Ga ga for ‘Ga Ga Ga Ga Ga’

Spoon takes a safer sound than ‘Gimme Fiction’ but yields equally as rewarding results

Haily Gostas

Is there any sweeter sound than a good band hitting an even better stride?

Next to the excitement of unexpectedly tuning into something fresh and innovative – an artist’s initial ability to really, truly surprise – there’s no better source of musical pleasure, especially in that cold, fleeting indie-rock genre where bands never seem to improve much upon their debuts (cough, cough … see above).

Spoon

ALBUM: Ga Ga Ga Ga Ga
LABEL: Merge Records

“Ga Ga Ga Ga Ga” (yes, all five) is the sixth album from Austin rockers Spoon, and it sounds like Ö well, Spoon. By now they have that same brand of stoic, structured sound layering and honest, everyman storytelling down pat, and this outing very obviously reflects the others.

But how can it be considered boring or formulaic when it still sounds so damn good? “Ga Ga Ga Ga Ga” is a solid album of patchwork luster from start to finish (especially considering that Spoon tends to sweep out their best tracks pretty early on).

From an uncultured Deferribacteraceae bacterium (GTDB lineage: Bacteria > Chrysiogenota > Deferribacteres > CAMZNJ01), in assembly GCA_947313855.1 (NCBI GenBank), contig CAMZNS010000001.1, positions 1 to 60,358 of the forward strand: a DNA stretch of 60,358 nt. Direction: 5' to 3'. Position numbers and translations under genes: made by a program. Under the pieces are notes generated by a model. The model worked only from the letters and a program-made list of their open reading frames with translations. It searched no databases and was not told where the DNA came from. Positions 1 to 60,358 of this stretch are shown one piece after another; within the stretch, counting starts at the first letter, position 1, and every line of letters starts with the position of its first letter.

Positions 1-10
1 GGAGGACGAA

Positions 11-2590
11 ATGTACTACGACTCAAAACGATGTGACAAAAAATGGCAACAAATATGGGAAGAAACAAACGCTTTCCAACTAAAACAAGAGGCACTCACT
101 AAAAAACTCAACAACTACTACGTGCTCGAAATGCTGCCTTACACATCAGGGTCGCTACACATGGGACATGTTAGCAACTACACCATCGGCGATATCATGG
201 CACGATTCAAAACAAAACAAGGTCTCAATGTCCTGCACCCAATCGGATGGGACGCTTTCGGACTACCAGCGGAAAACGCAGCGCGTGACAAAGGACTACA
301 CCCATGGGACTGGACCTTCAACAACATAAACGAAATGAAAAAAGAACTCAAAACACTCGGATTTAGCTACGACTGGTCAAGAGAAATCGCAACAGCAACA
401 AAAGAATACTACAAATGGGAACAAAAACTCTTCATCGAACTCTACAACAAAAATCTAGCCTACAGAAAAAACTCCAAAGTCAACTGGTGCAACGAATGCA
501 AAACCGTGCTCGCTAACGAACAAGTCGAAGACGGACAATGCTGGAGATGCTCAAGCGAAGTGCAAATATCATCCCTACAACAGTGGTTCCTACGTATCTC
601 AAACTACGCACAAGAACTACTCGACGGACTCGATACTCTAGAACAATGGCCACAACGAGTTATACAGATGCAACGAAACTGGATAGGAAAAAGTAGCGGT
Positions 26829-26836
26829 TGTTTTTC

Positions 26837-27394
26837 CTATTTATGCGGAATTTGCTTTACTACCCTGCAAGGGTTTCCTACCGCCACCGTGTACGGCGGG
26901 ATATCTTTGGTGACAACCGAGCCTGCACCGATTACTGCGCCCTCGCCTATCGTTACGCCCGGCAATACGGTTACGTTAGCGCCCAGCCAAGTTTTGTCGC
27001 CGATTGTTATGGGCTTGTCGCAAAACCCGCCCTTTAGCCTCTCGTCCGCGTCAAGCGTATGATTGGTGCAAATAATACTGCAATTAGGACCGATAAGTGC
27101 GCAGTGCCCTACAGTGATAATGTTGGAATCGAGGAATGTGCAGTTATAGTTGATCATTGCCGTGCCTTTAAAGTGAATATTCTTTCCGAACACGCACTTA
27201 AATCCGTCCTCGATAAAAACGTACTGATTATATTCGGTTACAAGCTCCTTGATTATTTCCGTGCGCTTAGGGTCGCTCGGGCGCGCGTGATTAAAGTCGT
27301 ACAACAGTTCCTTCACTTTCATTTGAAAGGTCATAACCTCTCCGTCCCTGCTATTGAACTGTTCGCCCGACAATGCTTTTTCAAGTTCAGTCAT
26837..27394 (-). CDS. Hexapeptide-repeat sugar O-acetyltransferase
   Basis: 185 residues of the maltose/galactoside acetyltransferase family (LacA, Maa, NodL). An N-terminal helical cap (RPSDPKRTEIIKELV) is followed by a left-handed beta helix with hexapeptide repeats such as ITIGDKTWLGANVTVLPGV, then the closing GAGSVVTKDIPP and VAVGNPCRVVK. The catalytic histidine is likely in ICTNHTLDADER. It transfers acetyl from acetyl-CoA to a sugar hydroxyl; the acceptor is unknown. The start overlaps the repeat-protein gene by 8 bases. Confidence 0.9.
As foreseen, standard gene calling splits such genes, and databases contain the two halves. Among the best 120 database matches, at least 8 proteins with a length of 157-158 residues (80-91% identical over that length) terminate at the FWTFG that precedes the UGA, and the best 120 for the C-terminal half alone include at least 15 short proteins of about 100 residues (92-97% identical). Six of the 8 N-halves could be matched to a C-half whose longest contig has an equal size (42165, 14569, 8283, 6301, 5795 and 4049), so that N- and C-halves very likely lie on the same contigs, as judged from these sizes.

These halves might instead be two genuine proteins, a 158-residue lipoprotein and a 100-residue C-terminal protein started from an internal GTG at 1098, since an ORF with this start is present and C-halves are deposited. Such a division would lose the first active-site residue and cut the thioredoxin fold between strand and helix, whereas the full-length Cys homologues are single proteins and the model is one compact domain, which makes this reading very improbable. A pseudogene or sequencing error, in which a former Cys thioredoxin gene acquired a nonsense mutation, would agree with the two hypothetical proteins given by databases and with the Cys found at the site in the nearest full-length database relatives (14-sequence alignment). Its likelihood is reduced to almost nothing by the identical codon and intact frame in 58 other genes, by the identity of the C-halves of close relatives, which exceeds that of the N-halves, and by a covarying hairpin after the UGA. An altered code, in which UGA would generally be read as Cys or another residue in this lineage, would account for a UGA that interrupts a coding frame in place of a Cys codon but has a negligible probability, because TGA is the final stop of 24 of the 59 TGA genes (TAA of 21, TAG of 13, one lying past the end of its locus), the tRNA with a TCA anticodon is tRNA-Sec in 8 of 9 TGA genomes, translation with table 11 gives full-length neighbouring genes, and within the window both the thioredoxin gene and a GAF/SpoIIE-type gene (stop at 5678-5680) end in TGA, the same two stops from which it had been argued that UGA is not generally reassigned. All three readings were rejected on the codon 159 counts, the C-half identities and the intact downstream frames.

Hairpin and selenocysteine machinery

Here you have the old standbys, those slick power-pop classics like opener “Don’t Make Me A Target,” or “Don’t You Evah’s” handclap-splattered groove, but there are bits of ambitious, artful tendencies as well: “The Ghost Of You Lingers” adds horns and a plunking keyboard riff so rapid and panicky it sounds like a jarring crash of horror-movie strings, while leader Britt Daniel achingly, hoarsely howls and yelps of lost love.

Sadly, it’s then done in a 10-song flash of 36 minutes total, a stark contrast from 2005’s more experimental “Gimme Fiction” and its literary lengthiness. But “Ga Ga Ga Ga Ga” is nevertheless an album of familiar fine detail, of Spoon re-mastering that perfect in-between of unexpected studio experimentation and catchy pop appeal. It’s something that’s memorable even though it bounces back and forth and wanders far and wide, resulting in a style still wonderfully singular and theirs alone.